Constipation Prevention

Having regular bowel movements is essential because constipation can make incontinence worse. Prevention of constipation (difficulty eliminating stool) includes eating a diet with plenty of fiber, drinking six to eight glasses of water each day, and exercise.

Bladder Training

Bladder training involves a fixed urination schedule that gradually adds time between bathroom breaks to increase the amount of fluid your bladder can hold.

Pelvic Muscle Training

Pelvic floor muscles are muscles that run from the pubic bone (pubis) to the tailbone (coccyx). They help support the bladder and urethra. Pelvic muscle training or rehabilitation, including the following, improves the muscle tone in the pelvic floor to help prevent leakage:

  • Kegel exercises: These exercises strengthen the muscle that supports the pelvis. They work best when performed consistently, usually several times a day.
  • Biofeedback: A physical therapist uses a biofeedback instrument in conjunction with Kegel exercises. This helps measure the strength and control of the pelvic muscles.
  • Pelvic floor stimulation or E-stim: Therapy that delivers small amounts of electrical stimulation to the pelvic floor muscles. 

Weight Loss

Excess weight is a risk factor for stress incontinence because it places extra pressure on the pelvic floor and bladder.

Specialized Devices

An example of a specialized device used for stress incontinence is a vaginal pessary. It is inserted in the vagina through an applicator to help support the urethra.


There are currently no medications approved by the Food and Drug Administration used to treat stress incontinence. However, off-label medications such as Proin (phenylpropanolamine) or Cymbalta (duloxetine) may be prescribed.

Vaginal estrogen may be prescribed after menopause to decrease the risk of thinning urethral tissue. Some medications may be used to treat or prevent complications. For example, skin barrier creams protect the skin from breakdown caused by moisture from urinary leakage.


Surgical procedures include:

  • Sling surgery: Slings are created from a person’s own tissue, donor tissue, or surgical mesh. While the sling placement is different for males and females, the goal for either is to support the urethra.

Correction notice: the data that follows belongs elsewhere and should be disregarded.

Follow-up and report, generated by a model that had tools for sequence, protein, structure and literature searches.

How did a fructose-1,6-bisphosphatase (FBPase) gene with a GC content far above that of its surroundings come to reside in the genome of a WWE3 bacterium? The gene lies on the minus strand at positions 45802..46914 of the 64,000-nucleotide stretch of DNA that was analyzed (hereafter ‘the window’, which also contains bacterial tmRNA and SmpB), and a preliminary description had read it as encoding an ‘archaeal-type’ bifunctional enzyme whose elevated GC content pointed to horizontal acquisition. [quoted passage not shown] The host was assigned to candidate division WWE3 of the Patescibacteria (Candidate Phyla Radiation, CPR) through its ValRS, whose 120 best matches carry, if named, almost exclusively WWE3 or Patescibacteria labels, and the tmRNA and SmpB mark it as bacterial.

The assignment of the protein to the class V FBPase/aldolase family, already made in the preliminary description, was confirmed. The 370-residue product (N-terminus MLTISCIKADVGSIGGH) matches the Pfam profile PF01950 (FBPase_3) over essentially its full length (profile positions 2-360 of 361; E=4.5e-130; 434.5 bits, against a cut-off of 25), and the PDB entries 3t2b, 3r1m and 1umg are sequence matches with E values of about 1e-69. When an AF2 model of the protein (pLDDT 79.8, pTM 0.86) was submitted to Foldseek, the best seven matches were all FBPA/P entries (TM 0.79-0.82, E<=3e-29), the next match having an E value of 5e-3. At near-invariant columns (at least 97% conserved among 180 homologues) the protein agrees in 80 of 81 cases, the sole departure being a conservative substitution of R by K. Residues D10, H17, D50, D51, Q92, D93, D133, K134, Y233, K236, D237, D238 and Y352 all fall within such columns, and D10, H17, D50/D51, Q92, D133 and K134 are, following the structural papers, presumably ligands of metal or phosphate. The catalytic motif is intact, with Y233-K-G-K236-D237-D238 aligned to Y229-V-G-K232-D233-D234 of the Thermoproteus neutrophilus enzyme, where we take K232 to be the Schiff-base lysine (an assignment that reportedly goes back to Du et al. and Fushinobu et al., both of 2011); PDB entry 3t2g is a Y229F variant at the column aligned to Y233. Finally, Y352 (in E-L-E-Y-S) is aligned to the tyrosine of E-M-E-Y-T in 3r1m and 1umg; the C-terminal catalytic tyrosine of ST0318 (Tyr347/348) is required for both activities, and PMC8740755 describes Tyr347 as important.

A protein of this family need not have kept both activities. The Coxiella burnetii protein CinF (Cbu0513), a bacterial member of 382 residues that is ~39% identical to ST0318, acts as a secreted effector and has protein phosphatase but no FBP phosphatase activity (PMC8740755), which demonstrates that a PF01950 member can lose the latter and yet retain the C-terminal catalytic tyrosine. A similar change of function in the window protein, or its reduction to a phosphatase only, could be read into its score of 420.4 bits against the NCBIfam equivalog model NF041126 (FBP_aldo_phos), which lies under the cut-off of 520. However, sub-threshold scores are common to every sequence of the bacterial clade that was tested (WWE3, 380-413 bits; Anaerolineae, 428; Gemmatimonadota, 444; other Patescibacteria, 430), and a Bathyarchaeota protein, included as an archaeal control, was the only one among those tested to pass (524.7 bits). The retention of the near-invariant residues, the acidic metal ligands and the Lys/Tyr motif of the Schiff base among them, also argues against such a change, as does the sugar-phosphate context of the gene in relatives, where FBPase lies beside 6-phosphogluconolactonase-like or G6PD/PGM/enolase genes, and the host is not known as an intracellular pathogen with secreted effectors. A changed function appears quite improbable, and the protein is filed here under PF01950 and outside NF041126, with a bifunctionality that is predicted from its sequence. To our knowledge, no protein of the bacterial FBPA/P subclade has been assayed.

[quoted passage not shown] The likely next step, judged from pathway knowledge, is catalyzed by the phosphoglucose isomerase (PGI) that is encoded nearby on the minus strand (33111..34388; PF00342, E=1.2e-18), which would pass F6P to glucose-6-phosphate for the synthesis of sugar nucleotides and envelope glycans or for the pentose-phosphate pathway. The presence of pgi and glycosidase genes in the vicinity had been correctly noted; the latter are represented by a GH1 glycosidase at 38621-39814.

• Bladder neck suspension surgery: Sutures (stitches) are placed along the side of the bladder to support the urethra and sphincter muscles. 
  • Artificial sphincter surgery: Used for males, it helps keep the urethra closed to prevent leaks.

Injection Therapy

Bulking agents such as collagen are injected around the urethra under a local or general anesthetic.

When to Seek Treatment

Anytime a person experiences urinary leakage they should seek treatment. Even small amounts can be uncomfortable or cause problems.


Urinary leakage may be an indication of an underlying problem and can cause complications. For example, it can cause skin breakdown and increase the risk of urinary tract infections. However, there are many treatment options, and it is often reversible or curable.


Urinary incontinence can cause stress and embarrassment. Those who suffer from it often isolate themselves and avoid social interactions. However, there are many ways to treat and control stress incontinence so you can maintain a high quality of life. 

If you are waiting for a medical appointment or permanent treatment options, here are a few steps you can take now:

  • Use pantiliners, pads, diapers, protective underwear, or waterproof sheets to keep clothes and bedding dry. 
  • Practice pelvic floor (Kegel) exercises several times a day.
  • Schedule trips to the bathroom every few hours. 
  • Keep a bladder diary so you and your doctor can identify any patterns. 
  • Prevent constipation.

It can also be helpful to share insights from your experiences, as well as learn from others with similar concerns. The National Association for Continence (NAFC) offers message boards that provide a safe place to ask questions anonymously, express frustrations, give support, and share tips.

A Word From Verywell

While discussing incontinence with your doctor may feel awkward, it is a common problem, and it’s important to seek medical advice. Any amount of leakage can be uncomfortable and cause problems such as skin breakdown or urinary tract infections. 

Stress incontinence can decrease your quality of life, especially if you are avoiding normal activities or social interactions due to urine leakage. Check with your doctor to find out which lifestyle changes and treatments may be right for you so you can get back to doing the things you love. 

9 Sources
Verywell Health uses only high-quality sources, including peer-reviewed studies, to support the facts within our articles. Read our editorial process to learn more about how we fact-check and keep our content accurate, reliable, and trustworthy.
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  2. John Hopkins Medicine. Urinary incontinence in women.

  3. Lugo T, Riggs J. Stress Incontinence. Treasure Island, Fl: Stat Pearls Publishing LLC.

  4. National Association for Continence (NAFC). Stress urinary incontinence in women.

  5. Urology Care Foundation. Stress urinary incontinence (SUI).

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By Brandi Jones, MSN-ED RN-BC
Brandi is a nurse and the owner of Brandi Jones LLC. She specializes in health and wellness writing including blogs, articles, and education.